When you want to teach your kids about money, lessons from Jenga may not come to mind. After all, what do wooden blocks have to do with budgets and stocks?
And it’s true: You’re better off starting with Monopoly.
But children’s brains are like sponges, and every minute you spend with them is a teaching opportunity. So why not play up the metaphors contained within the game of stacking blocks?
Three personal finance lessons from Jenga
1️⃣ Keep it simple. How many tabletop games have all of their instructions embedded in their jingle? “You take a block from the bottom, you put it on top, that’s how you build a tower, you just don’t stop.” If they made a jingle for Risk, it’d be 25 minutes long. The simplicity means just about anyone in the household can play, provided they’re old enough not to eat the blocks. When it comes to money, your basic plan should be similarly singably simple. For example, Elizabeth Warren’s famous 50/30/20 plan, in which you spend 50% of your monthly income on needs, 30% on wants, and either save or pay debts with the remaining 20%.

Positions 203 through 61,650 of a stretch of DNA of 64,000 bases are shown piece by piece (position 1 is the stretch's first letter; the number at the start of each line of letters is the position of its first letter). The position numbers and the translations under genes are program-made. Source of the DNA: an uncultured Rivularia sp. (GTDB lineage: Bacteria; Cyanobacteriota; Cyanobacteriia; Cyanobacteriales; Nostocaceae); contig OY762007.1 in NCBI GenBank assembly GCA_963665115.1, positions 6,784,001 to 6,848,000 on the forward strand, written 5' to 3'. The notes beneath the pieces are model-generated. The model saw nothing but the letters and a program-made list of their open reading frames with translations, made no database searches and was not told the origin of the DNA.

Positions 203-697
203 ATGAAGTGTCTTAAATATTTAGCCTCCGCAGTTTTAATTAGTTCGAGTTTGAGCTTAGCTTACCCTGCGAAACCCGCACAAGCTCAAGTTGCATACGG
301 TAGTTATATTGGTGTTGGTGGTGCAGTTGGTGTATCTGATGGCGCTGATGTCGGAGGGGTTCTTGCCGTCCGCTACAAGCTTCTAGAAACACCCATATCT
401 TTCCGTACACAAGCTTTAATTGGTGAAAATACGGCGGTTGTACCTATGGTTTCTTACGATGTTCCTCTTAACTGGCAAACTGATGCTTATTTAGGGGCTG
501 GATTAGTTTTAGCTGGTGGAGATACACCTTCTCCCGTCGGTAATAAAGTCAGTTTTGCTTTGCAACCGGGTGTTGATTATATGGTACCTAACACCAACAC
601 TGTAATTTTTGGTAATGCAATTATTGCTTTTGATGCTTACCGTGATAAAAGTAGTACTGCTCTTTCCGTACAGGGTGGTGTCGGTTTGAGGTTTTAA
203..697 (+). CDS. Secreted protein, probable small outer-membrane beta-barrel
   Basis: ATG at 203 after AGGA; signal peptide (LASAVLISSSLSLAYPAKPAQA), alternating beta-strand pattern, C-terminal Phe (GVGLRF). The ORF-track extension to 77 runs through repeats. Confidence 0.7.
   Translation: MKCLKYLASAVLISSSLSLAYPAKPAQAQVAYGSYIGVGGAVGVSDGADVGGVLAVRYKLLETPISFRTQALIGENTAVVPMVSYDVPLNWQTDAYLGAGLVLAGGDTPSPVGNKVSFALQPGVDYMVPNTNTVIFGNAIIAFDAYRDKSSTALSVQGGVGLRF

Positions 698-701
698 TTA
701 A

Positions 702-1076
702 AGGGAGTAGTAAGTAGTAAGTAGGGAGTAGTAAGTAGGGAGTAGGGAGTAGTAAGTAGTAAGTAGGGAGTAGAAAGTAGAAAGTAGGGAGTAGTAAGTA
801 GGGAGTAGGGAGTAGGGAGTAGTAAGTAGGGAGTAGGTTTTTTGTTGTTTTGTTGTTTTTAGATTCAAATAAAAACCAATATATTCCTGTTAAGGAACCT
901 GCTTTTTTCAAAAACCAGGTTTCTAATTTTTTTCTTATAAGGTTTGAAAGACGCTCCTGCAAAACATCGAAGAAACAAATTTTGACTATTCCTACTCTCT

2️⃣ Maintain a strong base. If you take all the blocks from the bottom and put them all on top, your tower will collapse. Similarly, you shouldn’t use your entire life savings to buy a new car. Keep the base strong, and use what you can spare to keep building.
3️⃣ Take calculated risks. When your turn comes, you have to take a block. That means you could topple the tower and lose the game. But Jenga pros know there are good risks, like taking the center blocks before the sides to keep the base strong.
Finally, let your kids know that Jenga is derived from the Swahili word meaning “to build.” And personal finance is all about building wealth over the long term.